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So now that I've enticed you with some interesting stories about
people getting murdered and burglars suing property owners, I
thought it would be a good time to go over the brass tacks of just
what constitutes a premises liability cause of action. When
can a resident sue? Or saying the same thing differently as us
lawyers like to do: When can the landlord be sued? When there
is a lawsuit, what does the plaintiff (the partysuing)
have to prove to recover? What does the landlord have to
disprove to defend against such suits?
We'll discuss some of these questions in the next couple of
posts. I hope this is a refreshing dose of some basic legal
principles after the sensationalism and base pandering I've
employed with a few of my recent posts.
In California, a tenant will be able to successfully sue the
landlord for negligently caused harm sustained on the property if
she proves four different facts. If you are clever and were
paying attention you'd know that I just told you the four facts in
the proceeding sentence. There are some variations but in
essence, the tenant plaintiff will have to prove:
That the defendant owned or leased or occupied or controlled
the property on which she was harmed;
That the defendant "was negligent" with respect to the
property's use or how it was maintained;
That the plaintiff sustained an injury or property damage;
That the "defendant's negligence" was a legal cause of that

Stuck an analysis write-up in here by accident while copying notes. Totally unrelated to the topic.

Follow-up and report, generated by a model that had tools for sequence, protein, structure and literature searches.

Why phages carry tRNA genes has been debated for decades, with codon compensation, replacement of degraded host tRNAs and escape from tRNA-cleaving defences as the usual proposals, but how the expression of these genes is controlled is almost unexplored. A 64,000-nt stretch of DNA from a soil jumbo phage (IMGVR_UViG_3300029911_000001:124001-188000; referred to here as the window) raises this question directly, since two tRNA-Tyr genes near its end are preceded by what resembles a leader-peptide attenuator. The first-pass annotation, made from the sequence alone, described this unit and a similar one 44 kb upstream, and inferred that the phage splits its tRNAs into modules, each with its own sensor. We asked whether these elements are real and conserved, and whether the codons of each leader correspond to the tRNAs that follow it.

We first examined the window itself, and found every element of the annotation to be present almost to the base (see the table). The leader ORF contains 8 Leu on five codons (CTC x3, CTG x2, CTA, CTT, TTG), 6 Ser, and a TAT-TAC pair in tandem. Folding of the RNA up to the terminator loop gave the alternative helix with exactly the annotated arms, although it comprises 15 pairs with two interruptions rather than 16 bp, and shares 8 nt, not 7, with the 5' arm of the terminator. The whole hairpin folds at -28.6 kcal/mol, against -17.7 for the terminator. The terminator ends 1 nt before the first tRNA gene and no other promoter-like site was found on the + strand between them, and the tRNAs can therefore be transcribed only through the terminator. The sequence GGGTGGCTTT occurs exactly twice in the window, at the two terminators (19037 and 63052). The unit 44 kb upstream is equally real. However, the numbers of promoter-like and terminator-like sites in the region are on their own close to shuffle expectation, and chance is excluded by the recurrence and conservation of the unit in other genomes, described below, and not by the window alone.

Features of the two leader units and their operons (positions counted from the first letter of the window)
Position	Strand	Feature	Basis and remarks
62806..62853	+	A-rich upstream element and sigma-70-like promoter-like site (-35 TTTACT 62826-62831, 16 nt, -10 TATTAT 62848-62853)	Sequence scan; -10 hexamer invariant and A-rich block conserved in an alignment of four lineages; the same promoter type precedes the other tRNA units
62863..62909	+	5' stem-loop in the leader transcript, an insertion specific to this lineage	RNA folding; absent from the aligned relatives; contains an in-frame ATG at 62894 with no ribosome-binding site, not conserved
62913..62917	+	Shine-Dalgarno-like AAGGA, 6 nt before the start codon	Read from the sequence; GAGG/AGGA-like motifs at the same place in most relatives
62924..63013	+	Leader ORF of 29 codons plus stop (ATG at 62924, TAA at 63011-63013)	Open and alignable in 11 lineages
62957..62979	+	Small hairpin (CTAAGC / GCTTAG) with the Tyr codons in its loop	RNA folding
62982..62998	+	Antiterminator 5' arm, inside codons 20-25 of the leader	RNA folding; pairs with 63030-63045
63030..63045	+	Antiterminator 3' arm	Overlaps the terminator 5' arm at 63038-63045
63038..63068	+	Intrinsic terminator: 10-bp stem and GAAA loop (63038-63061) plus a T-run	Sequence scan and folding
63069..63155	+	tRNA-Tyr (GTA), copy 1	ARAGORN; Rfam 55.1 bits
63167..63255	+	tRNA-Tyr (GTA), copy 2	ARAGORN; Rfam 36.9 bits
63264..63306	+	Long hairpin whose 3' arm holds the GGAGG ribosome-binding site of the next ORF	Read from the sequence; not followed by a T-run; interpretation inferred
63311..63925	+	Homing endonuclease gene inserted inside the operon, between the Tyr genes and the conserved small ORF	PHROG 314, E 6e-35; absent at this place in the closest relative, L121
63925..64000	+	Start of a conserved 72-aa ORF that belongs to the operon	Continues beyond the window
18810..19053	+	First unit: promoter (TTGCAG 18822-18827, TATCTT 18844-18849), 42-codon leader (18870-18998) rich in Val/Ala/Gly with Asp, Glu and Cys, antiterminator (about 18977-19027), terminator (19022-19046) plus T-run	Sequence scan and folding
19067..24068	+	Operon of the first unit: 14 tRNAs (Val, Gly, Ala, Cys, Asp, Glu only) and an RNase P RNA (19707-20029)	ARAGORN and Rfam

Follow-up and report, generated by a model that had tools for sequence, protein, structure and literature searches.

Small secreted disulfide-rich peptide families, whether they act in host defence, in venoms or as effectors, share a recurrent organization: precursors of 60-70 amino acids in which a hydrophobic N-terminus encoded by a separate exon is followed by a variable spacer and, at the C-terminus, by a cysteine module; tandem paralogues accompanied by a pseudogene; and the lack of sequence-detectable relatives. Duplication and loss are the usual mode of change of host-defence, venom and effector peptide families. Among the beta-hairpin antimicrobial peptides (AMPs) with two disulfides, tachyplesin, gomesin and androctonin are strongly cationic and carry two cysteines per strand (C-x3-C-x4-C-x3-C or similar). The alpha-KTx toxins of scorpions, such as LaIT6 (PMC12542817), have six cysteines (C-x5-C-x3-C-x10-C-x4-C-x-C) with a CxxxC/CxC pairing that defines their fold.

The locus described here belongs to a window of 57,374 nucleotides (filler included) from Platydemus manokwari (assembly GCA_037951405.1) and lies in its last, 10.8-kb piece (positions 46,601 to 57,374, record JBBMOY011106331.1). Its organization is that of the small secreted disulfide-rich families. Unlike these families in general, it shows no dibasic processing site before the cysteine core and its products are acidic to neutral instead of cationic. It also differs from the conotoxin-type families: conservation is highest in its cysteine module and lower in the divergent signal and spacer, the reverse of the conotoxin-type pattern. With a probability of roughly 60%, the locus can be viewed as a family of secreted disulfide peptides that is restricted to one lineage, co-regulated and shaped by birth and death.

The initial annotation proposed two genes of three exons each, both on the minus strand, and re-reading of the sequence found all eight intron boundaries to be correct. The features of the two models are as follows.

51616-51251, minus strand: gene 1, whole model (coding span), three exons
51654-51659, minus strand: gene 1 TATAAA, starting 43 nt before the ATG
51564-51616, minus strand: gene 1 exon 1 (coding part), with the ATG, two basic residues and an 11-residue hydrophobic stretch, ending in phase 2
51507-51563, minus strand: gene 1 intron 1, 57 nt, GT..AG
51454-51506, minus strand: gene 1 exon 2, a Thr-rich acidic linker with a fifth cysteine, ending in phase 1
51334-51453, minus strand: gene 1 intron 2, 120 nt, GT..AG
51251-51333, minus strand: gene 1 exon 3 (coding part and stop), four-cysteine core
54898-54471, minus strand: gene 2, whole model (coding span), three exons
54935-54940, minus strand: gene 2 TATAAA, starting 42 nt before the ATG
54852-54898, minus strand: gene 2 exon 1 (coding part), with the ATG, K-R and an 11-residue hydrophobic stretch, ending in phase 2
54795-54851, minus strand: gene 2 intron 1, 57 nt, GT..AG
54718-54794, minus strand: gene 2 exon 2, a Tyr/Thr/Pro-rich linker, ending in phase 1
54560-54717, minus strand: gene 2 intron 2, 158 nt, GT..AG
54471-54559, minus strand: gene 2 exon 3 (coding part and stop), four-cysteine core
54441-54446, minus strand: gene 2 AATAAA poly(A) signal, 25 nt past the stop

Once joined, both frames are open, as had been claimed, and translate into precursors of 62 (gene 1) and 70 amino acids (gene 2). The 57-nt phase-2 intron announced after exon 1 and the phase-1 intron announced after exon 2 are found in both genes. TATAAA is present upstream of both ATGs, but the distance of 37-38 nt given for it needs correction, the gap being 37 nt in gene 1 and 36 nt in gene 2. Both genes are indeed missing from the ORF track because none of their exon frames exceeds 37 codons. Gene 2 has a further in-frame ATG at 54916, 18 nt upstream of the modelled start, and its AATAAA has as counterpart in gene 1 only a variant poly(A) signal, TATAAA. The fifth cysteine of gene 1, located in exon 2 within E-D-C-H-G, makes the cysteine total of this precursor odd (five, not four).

injury or property damage.
If the plaintiff proves all four, she wins. The plaintiff
does not have to be a tenant to sue. Anyone who is injured on
the property - with certain exceptions not applicable in a
residential setting - can sue the owner. So if the tenant has
a guest over, and the guest injures himself on a broken faucet, the
guest can sue. He can sue the tenant (see #1 above "leased"
or "occupied"), and/or the landlord (#1 above "owned" and
(In fact, a seminal* case in California regarding duty - when to
impose one on a defendant to make him "negligent"*- involved
premises liability and the broken faucet circumstances I referenced
above. We'll discuss that case in the next entry).
After the plaintiff figures out who leased/occupied/owned and/or
controlled the premises on which she was injured, she next has to
show "negligence."* That basically means showing that the
defendant was not being careful with respect to the property.
We'll go into some examples of that in later posts.
Just because a lessor/occupier/owner/controller was negligent
does not mean that the plaintiff prevails. The plaintiff
still has to show that the negligence contributed to her injuries
such as to impose legal liability for the same. One can be
negligent, but if does not harm anyone, there is no
Get it? We'll try this for a few more posts and if it gets
boring we'll get back to sensationalism and pandering.
*Caution: lawyer word that normal people don't use.
This blog submission is only for purposes of disseminating
information. It does not constitute legal advice. The
statements in this blog submissions do not necessarily reflect the
opinions of Robinson & Wood, Inc. or its clients. No
attorney-client relationship is formed by virtue of reading this
blog entry or submitting a comment thereto. If you need legal
advice, please hire a licensed attorney in your state.
Disclaimer: ActiveRain Corp. does not necessarily endorse the real estate agents, loan officers and brokers listed on this site. These real estate profiles, blogs and blog entries are provided here as a courtesy to our visitors to help them make an informed decision when buying or selling a house. ActiveRain Corp. takes no responsibility for the content in these profiles, that are written by the members of this community.